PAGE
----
negotiation process to generate and authenticate a digitized contract. At block 602 a colocation area ( e.g ., colocation 101 of FIG. 1) is provided either logically or physically within a computer network. The contract may be generated using the contract system to create a contract based on roles and access criteria as indicated at block 605. Block 610 indicates that information may be imported to facilitate contract generation. For example, information about product offerings from a vendor may be imported into the system for use in contract generation. Block 615 indicates that a completed digital document negotiation process may result in an agreement for finalization (e.g., signature by authorized parties based on their role). Method (600) includes block 620 where an agreement in its initial completed state (i.e., prior to possible amendment or future adjustment) may be authentication by providing the parties with access to the colocation area.

[0052] Block 630 indicates that the DTL may provide automatic propagation of each DTL entry in a write once read many (WORM) manner. DLL’s such as blockchain allow new blocks in the chain to be created but never deleted or altered. Block 635 indicates that the completed contract (digital document) may be retrieved at a later time and an authentication request may be initiated to verify that the retrieved digital document is true and correct (e.g, a hash match as shown in FIG. 4). Block 660 indicates that a ledger entry may be retrieved from the DTL to perform the comparison. At this point, the information provided may be reviewed as the currently in force information.

[0053] Block 665 indicates that a user may initiate a process to amend the currently in force information (e.g, propose an amendment to the original or current contract). Block 670 indicates that the amendment may be processed in the colocation area in a similar manner to the processing of the original digital document negotiation (e.g, using roles, authentication, and validation). The amendment process may be approved and block 675 indicates that the amended document may become an authenticated agreement in an amended state to reflect the original agreement and modifications made as part of the amendment.

[0054] In summary, the process involves creating a draft contract at the contract colocation area based on contracting parameters received at the contract colocation from a first of the parties; allowing the parties to alter the draft contract at the colocation; finalizing the approved contract between the parties by applying a digital signature from each of the parties to the approved contract, and - securing the contract, in part, by using a DTL such as blockchain to authenticate the contract.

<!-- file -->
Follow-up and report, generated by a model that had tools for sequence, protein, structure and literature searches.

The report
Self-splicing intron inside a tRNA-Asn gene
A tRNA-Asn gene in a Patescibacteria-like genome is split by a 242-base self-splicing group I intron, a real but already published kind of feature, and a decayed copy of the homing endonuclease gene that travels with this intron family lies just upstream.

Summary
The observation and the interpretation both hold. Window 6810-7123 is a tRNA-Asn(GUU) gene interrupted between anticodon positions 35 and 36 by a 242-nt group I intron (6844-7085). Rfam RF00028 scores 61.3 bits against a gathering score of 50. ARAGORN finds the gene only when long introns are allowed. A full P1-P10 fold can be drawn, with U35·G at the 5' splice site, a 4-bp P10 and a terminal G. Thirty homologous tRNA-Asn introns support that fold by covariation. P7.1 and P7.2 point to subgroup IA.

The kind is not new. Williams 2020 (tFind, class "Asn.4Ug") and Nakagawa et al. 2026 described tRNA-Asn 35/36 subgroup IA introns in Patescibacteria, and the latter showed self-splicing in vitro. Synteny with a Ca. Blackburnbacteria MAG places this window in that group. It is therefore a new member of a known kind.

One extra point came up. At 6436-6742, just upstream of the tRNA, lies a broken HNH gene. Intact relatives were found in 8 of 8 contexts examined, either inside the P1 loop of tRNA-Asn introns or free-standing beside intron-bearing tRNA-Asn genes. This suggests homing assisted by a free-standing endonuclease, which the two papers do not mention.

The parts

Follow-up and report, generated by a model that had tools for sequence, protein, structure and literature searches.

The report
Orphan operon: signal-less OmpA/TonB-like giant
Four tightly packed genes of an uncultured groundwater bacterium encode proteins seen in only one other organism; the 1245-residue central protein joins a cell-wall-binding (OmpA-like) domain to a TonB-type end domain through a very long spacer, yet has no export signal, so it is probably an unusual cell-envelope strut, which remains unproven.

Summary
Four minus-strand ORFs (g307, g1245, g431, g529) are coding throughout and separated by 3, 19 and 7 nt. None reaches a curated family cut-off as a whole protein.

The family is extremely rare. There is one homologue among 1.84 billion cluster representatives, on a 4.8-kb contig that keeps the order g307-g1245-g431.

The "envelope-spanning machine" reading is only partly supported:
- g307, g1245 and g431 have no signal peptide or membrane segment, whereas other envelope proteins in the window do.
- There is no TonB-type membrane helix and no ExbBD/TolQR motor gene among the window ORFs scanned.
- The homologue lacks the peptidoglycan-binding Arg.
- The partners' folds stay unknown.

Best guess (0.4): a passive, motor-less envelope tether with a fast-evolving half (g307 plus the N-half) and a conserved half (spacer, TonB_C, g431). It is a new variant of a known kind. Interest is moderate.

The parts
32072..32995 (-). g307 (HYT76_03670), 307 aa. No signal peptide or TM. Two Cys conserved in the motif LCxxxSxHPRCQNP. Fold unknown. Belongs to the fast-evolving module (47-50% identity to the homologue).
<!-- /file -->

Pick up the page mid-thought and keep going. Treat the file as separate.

[0055] Providing the parties with access to the contract colocation may involve, for example, defining user credentials and roles for each of the parties, receiving user identification, and receiving user options. When a party first enters ( e.g ., connects remotely to) the contract system, each user is set up to use the contract system by passing through gateway providing security for colocation (e.g., as shown, for example, in FIG. 1). To do so, a user is registered for

identification purposes, assigned user credentials for authentication, and associated with a role for each digital negotiation process. To register and/or authenticate, the user may enter user identification information, such as contact information, title, role, etc. The user may also enter user options for using the contract system by selecting options, such as screen setup, contact methods, etc. Optionally, this user information may be stored in the contract system and made available to other users.

[0056] User credentials may be created when each user is registered (defined within) with the contract colocation, and may include, for example, a password, a public key, a private key, and/or other security credentials (See FIG. 3 A). Upon initial entry into the contract system, users register and define their user password. Each user is then assigned a public key and private key using the external key store (e.g, 129a as shown in FIG. 1). The public and private keys may be generated using encryption software that is either internal or external to a contract colocation. A private key may be generated (e.g, using ETHRIUM®) and assigned to the user and encrypted using, for example, a PKI and/or a certificate authority (CA). Security credentials (e.g, security credentials 130 of FIG. 1) for a user may be assigned and maintained by such user without being stored within the contact colocation. A combination of the security credentials, such as the password, public keys, and private keys may be used by the contract system to access and/or alter contracts in the contract colocation as is described further herein.